America Saves Week Spotlight: Shelly Wolf

  • Dina Shoman
  • February 26, 2017
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For America Saves Week (ASW), I wanted to bring you personal insights and experiences from real women in my life. They are all at different stages of their journey to financial freedom and have great insights and tips. I was also fortunate to be able to interview a mom and dad who played a huge role in influencing their relationship with money and shaping their money story. I hope you find them as fascinating as I did!
 
Tell us about your family's relationship with money growing up.
 

I was born in 1942, the world was very different then, especially for women. I had one sister, and my parents (especially my father) taught us to save at a very early age.

We never talked about how much my dad made, though, but we did talk about respecting money and the importance of saving and making a habit of putting it away, because you never know when you will need it. We got allowances, but we had to save some of it every week. I remember from as early as elementary school, we all had bank accounts with a little bank book; not sure if they still have those these days. I knew about savings and took it for granted so it became a part of me.

My mom supported what my dad said, they were always in agreement and were consistent in what they gave us and how they talked to us.

What did you learn about money once you went off to college?

Not much beyond saving. My dad paid for everything, so I never thought about it. I got an allowance and was always careful with spending it. I don’t even think there were credit cards at the time, so I couldn’t get into trouble. My dad was the type of person who always paid cash for everything, credit wasn’t as easy, those days, it was very different than how things are now. He wouldn’t even get a mortgage, he paid cash for the house we bought in 1948.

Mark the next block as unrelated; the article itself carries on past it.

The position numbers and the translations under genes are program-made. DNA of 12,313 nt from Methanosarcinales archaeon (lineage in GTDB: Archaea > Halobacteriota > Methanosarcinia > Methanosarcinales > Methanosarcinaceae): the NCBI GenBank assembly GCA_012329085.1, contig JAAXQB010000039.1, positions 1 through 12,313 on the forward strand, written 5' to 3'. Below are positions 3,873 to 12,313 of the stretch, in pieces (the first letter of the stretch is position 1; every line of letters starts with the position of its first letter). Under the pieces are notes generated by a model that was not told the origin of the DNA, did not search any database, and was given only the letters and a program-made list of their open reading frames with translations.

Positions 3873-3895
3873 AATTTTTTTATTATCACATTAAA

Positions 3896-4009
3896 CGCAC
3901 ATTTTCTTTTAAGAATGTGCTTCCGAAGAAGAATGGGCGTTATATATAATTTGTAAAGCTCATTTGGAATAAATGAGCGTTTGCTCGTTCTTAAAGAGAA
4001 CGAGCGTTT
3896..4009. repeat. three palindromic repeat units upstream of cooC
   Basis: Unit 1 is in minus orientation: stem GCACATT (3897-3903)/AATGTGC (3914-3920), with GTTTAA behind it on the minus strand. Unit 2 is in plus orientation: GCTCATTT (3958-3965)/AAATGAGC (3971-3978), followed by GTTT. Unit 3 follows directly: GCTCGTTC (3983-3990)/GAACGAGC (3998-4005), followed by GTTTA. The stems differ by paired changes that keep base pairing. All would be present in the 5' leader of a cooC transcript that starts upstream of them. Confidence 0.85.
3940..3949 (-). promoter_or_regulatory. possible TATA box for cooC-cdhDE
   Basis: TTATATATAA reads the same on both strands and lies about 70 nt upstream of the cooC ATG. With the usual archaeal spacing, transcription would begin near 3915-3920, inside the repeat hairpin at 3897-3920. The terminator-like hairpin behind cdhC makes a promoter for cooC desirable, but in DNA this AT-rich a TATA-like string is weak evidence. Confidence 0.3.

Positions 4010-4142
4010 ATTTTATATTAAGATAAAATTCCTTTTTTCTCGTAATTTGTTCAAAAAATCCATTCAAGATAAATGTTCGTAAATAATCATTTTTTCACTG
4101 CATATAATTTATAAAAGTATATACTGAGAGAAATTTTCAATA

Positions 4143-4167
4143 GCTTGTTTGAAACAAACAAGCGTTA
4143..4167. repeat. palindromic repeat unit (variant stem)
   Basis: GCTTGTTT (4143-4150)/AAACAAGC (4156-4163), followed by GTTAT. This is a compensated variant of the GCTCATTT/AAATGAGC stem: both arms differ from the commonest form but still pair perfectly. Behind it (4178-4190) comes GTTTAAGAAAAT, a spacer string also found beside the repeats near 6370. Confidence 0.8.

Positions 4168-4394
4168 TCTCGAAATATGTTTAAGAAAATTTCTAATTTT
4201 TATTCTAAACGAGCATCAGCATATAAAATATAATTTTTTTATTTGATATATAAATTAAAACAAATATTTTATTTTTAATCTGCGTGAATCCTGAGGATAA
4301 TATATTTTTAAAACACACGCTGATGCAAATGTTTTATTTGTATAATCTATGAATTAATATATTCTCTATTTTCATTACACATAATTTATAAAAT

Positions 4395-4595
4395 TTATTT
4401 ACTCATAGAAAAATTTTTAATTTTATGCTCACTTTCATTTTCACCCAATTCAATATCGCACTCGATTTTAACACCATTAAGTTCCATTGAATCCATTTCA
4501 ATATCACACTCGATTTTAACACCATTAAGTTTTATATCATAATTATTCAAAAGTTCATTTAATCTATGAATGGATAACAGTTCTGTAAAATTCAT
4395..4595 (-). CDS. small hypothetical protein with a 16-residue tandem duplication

When did you first take charge of your own finances?

During those days, a girl didn’t become the doctor, she married the doctor, and that’s what I did. It seemed we were on the way to a comfortable life, but he just left. After my divorce I totally took charge of my finances. I went back to school in my 40s, got my MBA, got my first job at the Philadelphia Stock Exchange, then at a bank, and then a healthcare insurance company working in IT and technology. I always had a 401k and I always automatically saved money by having it taken out of my paycheck every week, so I didn’t even have to think about it.

I went through many hard times as I built myself and was finally able to start saving again.  I have been happily remarried now for 27 years. He’s a writer and I’m a math person, so I continued to manage all of our finances and he’s so grateful and happy about it which makes it easy.